THE FINEST HOUR OF THE HEART OF DARKNESS
June 23 to July 10 seemed like aeons. Stuck at the edge of a slippery slope 15 feet above a current of very very coldwater deep within a six-mile-deep cave, the now (in)famous Tham Luang Nang Non cave in Chiang Rai, the northernmost province of Thailand bordering Myanmar, were 12 boys of ages between 11 and 16 and their 25-year-old football coach out on an excursion gone horribly wrong. The 13 people had simply disappeared. It was raining and water was rushing into the cavern’s bowels through its numerous sluices and stalactite passages. It was only on July 2, a full 10 days after their disappearance that first human contact was made.
Vernon Unsworth, a British hobbyist spelunker, for whom the Tham Luang cave system was a fixation,became the man of the moment. Rick Stanton, a former firefighter, and John Volanthen, an IT consultant, both British cave explorers themselves, diligently followed in Unsworth’s wake and, together, first shone their headlamps on the 13 marooned souls in the darkest place on earth.
The rest was history. It spurred and stoked the finest instincts in humanity across the world. Within no time, there was a truly international coalition in place — a coalition of technology, expertise, man, and material. Above all, of sheer humanism, imagination, and gumption!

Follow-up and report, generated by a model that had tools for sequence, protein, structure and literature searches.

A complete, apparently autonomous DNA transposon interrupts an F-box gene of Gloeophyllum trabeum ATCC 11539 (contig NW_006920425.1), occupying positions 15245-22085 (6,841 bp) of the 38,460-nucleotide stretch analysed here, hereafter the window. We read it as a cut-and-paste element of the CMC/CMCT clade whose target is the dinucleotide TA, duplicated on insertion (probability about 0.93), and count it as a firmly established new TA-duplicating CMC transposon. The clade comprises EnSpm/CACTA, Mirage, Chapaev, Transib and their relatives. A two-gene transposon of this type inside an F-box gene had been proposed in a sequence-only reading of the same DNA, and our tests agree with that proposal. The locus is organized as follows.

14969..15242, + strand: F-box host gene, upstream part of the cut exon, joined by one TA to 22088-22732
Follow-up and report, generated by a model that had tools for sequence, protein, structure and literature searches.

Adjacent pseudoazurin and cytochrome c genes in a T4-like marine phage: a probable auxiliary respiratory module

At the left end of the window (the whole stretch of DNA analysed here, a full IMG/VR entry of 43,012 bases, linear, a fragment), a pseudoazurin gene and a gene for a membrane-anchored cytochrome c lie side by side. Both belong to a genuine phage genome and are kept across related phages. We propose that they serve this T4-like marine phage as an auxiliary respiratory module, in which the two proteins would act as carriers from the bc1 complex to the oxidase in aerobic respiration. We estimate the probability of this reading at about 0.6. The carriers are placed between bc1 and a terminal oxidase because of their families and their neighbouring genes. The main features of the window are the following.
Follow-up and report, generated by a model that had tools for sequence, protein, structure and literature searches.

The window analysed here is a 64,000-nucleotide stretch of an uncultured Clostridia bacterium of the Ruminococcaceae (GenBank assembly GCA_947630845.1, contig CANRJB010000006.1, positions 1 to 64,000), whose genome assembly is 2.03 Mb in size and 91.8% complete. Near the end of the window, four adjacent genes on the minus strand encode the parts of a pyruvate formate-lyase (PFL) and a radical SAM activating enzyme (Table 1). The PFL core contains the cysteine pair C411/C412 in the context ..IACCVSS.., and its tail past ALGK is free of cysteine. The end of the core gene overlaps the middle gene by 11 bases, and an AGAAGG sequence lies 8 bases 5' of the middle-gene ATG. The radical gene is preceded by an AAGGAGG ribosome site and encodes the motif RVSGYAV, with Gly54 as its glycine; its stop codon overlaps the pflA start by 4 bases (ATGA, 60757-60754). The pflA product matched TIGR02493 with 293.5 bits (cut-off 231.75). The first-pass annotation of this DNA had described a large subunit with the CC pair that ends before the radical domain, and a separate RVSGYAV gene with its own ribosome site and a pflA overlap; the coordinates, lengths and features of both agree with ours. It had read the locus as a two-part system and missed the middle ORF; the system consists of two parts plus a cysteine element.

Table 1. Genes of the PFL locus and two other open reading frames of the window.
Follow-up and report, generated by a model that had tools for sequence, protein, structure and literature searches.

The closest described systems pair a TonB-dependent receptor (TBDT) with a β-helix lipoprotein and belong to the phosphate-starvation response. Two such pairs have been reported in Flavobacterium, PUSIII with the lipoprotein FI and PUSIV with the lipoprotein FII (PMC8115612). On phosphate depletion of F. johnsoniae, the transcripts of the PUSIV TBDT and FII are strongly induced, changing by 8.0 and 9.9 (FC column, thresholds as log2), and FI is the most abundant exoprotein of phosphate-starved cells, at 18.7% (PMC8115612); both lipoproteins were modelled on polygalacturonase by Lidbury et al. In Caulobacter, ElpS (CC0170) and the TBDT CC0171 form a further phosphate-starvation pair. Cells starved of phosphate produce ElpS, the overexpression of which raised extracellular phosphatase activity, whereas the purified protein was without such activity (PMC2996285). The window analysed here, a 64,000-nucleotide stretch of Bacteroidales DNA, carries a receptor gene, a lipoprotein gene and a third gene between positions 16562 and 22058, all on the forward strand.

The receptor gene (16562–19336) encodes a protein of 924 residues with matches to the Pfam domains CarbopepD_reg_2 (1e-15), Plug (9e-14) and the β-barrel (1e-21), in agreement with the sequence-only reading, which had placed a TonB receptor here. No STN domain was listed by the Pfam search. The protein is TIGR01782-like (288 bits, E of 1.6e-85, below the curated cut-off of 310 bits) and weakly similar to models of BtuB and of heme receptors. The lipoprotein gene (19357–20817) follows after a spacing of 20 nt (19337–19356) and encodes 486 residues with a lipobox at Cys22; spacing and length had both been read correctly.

Richard Harris, an Australian cave diver,was the lead anaesthesiologist, who anaesthetised the boys before they were transported out of the treacherous cave system.
There were Americans, Indians, Canadians, Israelis, and several others cutting across caste, creed, faith, and nationality.
The ground operations were led by the indomitable Thai SEALS, who lost one of their brothers, retired Major Saman Gunan,inside the cave. Ironically, he had just delivered oxygen cylinders to the boys deep inside and was making his way back when he suffocated to death.
Over 130 million litres of water was pumped out of the cave system, flooding the nearby paddy fields and totally wiping out the local farmers’ produce. But they didn’t mind.
Over 9,000 volunteers set up camp in the vicinity of the cave, helping the effort, some cooking, some cleaning, some standing by, but hoping and praying. The Thai police and army managed the traffic and the crowds immaculately. There wasn’t a single incident.
While the world outside stood vigil, deep inside the cave, man and technology worked like body and soul to save those 13 precious livesand bring them back from certain death.
There was never a more resplendent moment for mankind!